In January 2014, a meteor entered Earth’s atmosphere in the Western Pacific, as evidenced by apparent vibrational signatures of the event in a seismic station in Papua New Guinea. Last year, scientists declared rubble recovered from the ocean floor as the rejectamenta of that event (and some even speculated it was a form of alien technology). But now, another team offers a different interpretation: the vibrations were caused by a truck on a nearby road, driving by at the same time the meteor plummeted through the atmosphere. What’s more, the rocky bits found on the Pacific floor were not from this meteor, the team concluded, which likely entered the ocean about 100 miles from the original search area.

“The signal changed directions over time, exactly matching a road that runs past the seismometer,” said Benjamin Fernando, a planetary seismologist at Johns Hopkins who led the research. The study will be presented next week at the annual Lunar and Planetary Science Conference in Houston.

“It’s really difficult to take a signal and confirm it is not from something,” Fernando added. “But what we can do is show that there are lots of signals like this, and show they have all the characteristics we’d expect from a truck and none of the characteristics we’d expect from a meteor.”

An aerial photograph showing the proximity of a nearby road to the seismometer station.

Meteors are chunks of space debris enter Earth’s atmosphere. They come in many shapes and sizes and can clue scientists into the history of the solar system and the origins of water on Earth. The largest of this century was the Chelyabinsk meteorite that exploded over Russia in 2013, shattering windows, setting off car alarms, and injuring about 1,600 people. Not all meteors are totally foreign, though; last year, a group of researchers studied a meteorite that landed in the Sahara Desert in 2018 concluded it actually originated from Earth.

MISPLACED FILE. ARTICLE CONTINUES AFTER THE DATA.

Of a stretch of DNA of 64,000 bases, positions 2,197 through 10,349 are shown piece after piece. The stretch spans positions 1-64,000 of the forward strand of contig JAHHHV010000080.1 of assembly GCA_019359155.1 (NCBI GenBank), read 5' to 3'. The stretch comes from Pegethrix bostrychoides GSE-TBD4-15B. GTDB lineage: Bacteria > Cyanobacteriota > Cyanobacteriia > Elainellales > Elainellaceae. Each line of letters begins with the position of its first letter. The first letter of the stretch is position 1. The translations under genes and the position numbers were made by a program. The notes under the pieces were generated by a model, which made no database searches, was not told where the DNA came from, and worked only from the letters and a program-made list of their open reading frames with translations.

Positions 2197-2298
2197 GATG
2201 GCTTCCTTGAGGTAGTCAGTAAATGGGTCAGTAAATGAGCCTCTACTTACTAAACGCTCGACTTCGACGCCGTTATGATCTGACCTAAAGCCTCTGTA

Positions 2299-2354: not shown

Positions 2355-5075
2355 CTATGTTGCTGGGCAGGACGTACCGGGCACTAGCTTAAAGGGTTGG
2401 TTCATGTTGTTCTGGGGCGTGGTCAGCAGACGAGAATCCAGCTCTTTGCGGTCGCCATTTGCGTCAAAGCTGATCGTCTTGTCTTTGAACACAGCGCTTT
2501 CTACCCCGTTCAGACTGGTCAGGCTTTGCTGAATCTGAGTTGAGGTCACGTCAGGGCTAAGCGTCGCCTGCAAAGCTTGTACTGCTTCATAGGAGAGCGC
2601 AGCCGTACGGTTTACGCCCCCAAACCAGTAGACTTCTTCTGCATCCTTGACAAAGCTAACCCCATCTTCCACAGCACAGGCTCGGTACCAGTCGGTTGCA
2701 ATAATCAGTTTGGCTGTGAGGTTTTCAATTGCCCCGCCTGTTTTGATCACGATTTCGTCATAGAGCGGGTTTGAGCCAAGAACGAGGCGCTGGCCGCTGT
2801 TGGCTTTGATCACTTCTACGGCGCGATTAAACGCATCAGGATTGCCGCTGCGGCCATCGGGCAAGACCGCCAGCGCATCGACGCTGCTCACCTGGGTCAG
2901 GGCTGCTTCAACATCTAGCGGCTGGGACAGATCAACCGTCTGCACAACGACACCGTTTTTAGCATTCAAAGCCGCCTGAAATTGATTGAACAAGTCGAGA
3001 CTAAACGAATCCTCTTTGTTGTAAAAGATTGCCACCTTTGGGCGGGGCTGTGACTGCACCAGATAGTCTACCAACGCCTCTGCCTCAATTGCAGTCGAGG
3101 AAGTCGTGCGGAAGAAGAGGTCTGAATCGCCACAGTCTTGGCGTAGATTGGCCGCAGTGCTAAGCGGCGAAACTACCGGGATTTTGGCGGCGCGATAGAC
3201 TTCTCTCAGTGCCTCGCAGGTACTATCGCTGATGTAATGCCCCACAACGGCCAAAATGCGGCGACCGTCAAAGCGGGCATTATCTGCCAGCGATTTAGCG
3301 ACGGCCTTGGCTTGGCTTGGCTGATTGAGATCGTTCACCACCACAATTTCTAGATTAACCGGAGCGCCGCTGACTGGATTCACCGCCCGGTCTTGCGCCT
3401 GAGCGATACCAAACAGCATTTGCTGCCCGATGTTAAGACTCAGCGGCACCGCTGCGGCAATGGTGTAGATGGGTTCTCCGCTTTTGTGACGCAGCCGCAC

Initial analysis of the meteor fall was conducted with data from the nearby seismometer AU MANU on Papua New Guinea’s Manus Island. That analysis, published in September 2023, concluded the meteorite was of interstellar origins and fell into the ocean just north of the island.

But in the new paper, Fernando’s team relied on data from sound stations in Australia and Palau, originally built to detect the tremors of nuclear tests. That data indicated that the meteor likely fell over 100 miles from where initial searches for the space rock were conducted.

“Localisation of the strewn field is reliant on a single station and a signal with no clear phases,” the researchers wrote. “Therefore, we consider it to be at best highly overstated and at worst entirely erroneous.”

Avi Loeb, a prominent Harvard researcher and proponent of the idea that the interstellar object ‘Oumuamua may have been an alien probe, speculated that the recovered bits of spherical rock could be alien technology. But that the material is not related to the 2014 fireball, based on the recent team’s numbers.

“Whatever was found on the seafloor is totally unrelated to this meteor, regardless of whether it was a natural space rock or a piece of alien spacecraft—even though we strongly suspect that it wasn’t aliens,” Fernando said.

A team led by Loeb will also be presenting their findings, which characterize the composition and potential origin of the 850 spherules, in next week’s conference.

Fernando’s team concluded that the spherules are indeed meteorites, or a combination of meteorite and terrestrial material, but not related to the 2014 meteor fall.

The truth is out there—whether at the bottom of the sea or in the data collected as the meteor fell. And even if the findings aren’t as out-of-this-world as alien technology, discussing all possibilities and reviewing the data through the scientific process could tie a neat little bow on this meteoritic saga.

More: 10 Years Ago Today, the Chelyabinsk Meteor Exploded Over Russia

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